Sexual misconduct allegations at a prominent New York asset manager have ignited a multimillion-dollar legal dispute that offers a revealing insight into the inner workings of the business.
GoldenTree Asset Management, a hedge fund that manages $47bn of credit market investments on behalf of public pension funds and other institutional clients, fired its chief operating officer William Christian at the beginning of 2020.
His dismissal came during the early stages of an internal investigation that detailed a litany of misconduct by Christian, including misuse of an expense account, lying to management about his affair with a more junior colleague, and showing an obscene selfie to a colleague.
The ensuing fight over Christian’s pay and assets unfolded in confidential hearings lasting more than a year before bursting into public view this month, when he filed a lawsuit claiming GoldenTree had failed to give him $1.2mn in back pay and interest that he had been awarded by a private arbitrator.
Legal filings in the case provide an unusually detailed view of a firm that holds out its partnership structure and the fact that many executives invest in its own products alongside clients as a way of winning trust.
They also offer an unflattering picture of life inside GoldenTree, a distressed debt group founded by Steven Tananbaum at the turn of the millennium with a tight-knit group of industry veterans. Christian, who joined in 2004, has known Tananbaum since they both worked at asset manager MacKay Shields in the 1990s.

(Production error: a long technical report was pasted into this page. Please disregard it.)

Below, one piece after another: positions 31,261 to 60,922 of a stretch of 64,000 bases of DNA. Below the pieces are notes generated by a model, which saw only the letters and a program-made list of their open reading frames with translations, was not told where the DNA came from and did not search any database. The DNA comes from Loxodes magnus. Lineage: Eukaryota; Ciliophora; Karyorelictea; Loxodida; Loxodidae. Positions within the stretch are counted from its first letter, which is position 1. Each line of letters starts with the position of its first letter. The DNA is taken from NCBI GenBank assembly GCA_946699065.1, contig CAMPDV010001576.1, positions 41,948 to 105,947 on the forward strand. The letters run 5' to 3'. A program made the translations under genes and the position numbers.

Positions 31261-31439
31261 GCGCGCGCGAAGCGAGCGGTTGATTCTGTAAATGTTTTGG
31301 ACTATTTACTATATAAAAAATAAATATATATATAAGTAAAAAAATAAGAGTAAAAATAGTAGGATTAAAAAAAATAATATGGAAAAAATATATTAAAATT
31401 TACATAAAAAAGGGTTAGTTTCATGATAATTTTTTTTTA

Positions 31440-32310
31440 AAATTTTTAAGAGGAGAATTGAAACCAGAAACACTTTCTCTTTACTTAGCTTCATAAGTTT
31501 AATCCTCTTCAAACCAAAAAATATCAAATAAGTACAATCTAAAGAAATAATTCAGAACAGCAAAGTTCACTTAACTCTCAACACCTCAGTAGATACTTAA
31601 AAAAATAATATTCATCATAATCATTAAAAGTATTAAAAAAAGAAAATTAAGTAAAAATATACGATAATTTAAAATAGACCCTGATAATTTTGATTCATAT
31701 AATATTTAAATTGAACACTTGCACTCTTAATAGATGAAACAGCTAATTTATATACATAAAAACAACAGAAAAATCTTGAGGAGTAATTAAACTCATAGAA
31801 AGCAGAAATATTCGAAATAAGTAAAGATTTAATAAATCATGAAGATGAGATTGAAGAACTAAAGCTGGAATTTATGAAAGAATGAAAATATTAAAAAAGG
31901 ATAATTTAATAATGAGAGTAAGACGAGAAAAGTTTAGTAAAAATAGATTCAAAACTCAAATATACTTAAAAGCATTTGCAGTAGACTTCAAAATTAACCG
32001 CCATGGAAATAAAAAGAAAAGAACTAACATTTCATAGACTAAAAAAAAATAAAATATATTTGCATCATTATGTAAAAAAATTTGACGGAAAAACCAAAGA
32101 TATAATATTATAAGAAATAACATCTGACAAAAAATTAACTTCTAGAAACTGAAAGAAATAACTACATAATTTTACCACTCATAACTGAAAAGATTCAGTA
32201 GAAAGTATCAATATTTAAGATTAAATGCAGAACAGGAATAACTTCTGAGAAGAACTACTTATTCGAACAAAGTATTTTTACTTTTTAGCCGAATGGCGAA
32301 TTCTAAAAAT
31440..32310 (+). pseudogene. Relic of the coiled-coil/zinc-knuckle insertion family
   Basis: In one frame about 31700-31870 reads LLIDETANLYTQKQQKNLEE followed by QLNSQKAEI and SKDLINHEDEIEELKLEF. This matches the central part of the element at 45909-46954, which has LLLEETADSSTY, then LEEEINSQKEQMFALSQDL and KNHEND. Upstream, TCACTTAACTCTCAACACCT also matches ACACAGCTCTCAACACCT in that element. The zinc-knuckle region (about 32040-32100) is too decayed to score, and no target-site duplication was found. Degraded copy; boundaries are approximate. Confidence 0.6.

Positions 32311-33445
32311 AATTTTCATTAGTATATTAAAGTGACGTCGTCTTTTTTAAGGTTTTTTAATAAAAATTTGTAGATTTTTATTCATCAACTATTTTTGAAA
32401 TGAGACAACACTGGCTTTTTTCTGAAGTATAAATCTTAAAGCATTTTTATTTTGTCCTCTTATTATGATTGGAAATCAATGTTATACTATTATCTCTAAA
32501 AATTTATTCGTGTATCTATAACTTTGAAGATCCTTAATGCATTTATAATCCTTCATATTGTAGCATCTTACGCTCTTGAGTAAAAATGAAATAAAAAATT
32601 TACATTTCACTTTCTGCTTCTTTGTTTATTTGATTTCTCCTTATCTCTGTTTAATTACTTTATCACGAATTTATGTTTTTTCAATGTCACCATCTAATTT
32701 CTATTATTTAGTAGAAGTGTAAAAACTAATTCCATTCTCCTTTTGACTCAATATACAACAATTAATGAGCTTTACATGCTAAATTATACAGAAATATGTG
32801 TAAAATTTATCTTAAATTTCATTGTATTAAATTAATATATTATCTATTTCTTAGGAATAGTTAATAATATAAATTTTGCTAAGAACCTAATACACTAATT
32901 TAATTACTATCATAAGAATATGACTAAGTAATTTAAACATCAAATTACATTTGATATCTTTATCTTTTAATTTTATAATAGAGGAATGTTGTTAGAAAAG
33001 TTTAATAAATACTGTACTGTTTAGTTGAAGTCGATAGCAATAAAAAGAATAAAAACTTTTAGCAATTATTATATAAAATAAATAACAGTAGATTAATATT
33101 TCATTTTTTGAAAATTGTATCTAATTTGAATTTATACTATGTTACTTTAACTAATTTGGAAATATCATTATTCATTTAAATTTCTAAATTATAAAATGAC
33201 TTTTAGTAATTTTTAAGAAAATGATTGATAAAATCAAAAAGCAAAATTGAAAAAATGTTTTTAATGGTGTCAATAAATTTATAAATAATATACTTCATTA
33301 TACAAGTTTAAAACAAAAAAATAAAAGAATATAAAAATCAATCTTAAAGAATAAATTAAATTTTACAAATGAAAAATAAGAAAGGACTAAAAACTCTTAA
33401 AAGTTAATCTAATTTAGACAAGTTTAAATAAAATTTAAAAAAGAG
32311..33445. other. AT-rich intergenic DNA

Christian’s affair with a more junior female GoldenTree employee “was general knowledge” on the floor where they worked, according to the arbitrator’s ruling, and “people felt it was interfering with work”. But the relationship seemingly went undiscovered by the firm’s leadership, until an examination of Christian’s office email account — as part of the internal investigation involving GoldenTree’s then top internal lawyer Barry Ritholz — revealed the pair had taken a chromosomal test often used by expectant parents.
Ritholz’s investigation uncovered a pattern of misconduct that extended well beyond an undisclosed office romance. Christian sometimes conducted meetings with his trousers pulled down to his ankles, according to an arbitration ruling that was later filed in court, something he sought to excuse by saying he needed to “ice his knees”.
The former executive also made “disgusting sexual comments at lunches and dinners with associates”, the arbitrator found. Ritholz testified in an arbitration hearing that one female GoldenTree employee complained of Christian’s vulgar remarks about her appearance. Christian at one point ordered his assistant to buy merchandise from a pornographic website, Ritholz added, leaving her distraught.
Christian filed his arbitration claim against GoldenTree in June 2020. He did not respond to a request for comment.
The firm hit back with a demand that he repay nearly $13mn in salary, bonuses and other benefits he had received from GoldenTree since 2012 when, in one of the earliest incidents the firm complained of, he began using company money to pay for a storage locker near his home in New Jersey.
The arbitrator rejected some of the company’s demands, and in a ruling issued last month ordered GoldenTree to hand over a $1.2mn bonus that the firm had withheld for nearly a year. Christian filed his lawsuit three weeks later, after the money allegedly failed to arrive.